A Runtime Crypter always works with the same principle: It decrypts its payload, starts up a process in suspended state, inserts the payload and resumes the suspended process under false flag. All this happens with calls to Winapi functions like CreateProcessA, ReadProcessMemory. WriteProcessMemory etc.

And even tho the malware that gets injected by the Runtime Crypter might be hardly detected by any AV (because it's writting into RAM instead of on the disc): How can it be that a modern Crypter itself is not detected by AV? I mean even if I add a lot of junk code to change the Signature, the suspicious function calls abovementioned have still to be there. Heuristic analysis should technically be able to detect such malware, shouldn't it?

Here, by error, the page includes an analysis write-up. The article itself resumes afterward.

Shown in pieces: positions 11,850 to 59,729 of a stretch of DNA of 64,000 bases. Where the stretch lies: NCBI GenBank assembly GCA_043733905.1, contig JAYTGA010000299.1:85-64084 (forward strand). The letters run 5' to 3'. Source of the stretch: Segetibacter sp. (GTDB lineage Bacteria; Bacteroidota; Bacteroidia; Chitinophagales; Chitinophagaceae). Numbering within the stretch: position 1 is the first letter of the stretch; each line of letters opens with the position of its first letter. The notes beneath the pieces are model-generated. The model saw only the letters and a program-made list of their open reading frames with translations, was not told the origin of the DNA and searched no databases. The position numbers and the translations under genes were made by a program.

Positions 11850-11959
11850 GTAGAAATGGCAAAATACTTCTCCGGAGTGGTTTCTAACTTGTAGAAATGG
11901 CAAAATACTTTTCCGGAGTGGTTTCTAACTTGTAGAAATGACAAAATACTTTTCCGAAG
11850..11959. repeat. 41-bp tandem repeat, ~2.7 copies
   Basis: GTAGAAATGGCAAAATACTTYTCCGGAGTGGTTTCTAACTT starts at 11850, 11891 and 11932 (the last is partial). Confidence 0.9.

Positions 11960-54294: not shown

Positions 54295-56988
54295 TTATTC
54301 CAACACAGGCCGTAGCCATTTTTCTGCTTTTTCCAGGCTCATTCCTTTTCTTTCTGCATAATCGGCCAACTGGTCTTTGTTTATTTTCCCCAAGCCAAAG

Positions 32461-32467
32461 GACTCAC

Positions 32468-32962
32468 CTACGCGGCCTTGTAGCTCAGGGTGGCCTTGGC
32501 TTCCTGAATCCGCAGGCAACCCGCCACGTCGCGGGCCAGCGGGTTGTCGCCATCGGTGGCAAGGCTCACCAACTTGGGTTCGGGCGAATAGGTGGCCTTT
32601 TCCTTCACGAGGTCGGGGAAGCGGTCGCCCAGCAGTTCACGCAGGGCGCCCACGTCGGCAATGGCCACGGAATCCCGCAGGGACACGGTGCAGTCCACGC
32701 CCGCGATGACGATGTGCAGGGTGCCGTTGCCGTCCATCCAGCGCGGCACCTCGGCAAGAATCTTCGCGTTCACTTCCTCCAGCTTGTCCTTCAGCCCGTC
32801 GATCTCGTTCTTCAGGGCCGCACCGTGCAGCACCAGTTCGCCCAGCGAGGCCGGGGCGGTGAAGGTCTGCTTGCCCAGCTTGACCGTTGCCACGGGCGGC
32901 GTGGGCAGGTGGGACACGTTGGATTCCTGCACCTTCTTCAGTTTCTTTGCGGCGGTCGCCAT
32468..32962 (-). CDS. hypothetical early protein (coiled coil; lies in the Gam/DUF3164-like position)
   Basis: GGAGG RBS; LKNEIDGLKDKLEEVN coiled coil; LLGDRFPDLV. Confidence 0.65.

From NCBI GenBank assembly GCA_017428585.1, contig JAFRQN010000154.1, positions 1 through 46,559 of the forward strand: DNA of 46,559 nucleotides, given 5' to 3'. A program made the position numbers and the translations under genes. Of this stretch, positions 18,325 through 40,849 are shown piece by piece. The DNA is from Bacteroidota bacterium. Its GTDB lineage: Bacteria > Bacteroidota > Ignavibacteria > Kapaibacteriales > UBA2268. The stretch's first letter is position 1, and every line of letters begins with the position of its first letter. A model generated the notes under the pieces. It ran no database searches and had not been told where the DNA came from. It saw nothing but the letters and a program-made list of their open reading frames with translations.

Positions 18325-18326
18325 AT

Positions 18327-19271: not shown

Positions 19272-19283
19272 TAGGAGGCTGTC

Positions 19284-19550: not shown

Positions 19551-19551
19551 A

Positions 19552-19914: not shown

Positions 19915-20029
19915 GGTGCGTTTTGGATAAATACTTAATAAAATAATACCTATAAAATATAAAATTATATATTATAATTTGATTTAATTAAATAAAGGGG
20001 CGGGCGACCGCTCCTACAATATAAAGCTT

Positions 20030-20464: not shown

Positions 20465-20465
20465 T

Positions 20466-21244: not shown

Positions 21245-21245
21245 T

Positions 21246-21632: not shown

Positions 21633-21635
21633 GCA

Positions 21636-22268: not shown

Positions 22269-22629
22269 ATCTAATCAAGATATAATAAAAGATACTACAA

• 1
    When a WinAPI/OS function gets called that is not a direct malware sign. Some techniques that are being used to obfuscate malicious usage of those functions are for example staged payloads. But even then modern AVs may be able to detect the malicious shellcode that is being downloaded. So then encoding and even encryption comes into play...
    – game0ver
    Oct 3 '19 at 22:55

You can inject a stub in your target file, and make that this stub would be metamorphic and so as when it will be loaded into memory, your pe will have a lot of differentt signatures. But it's very long to create and to realize.

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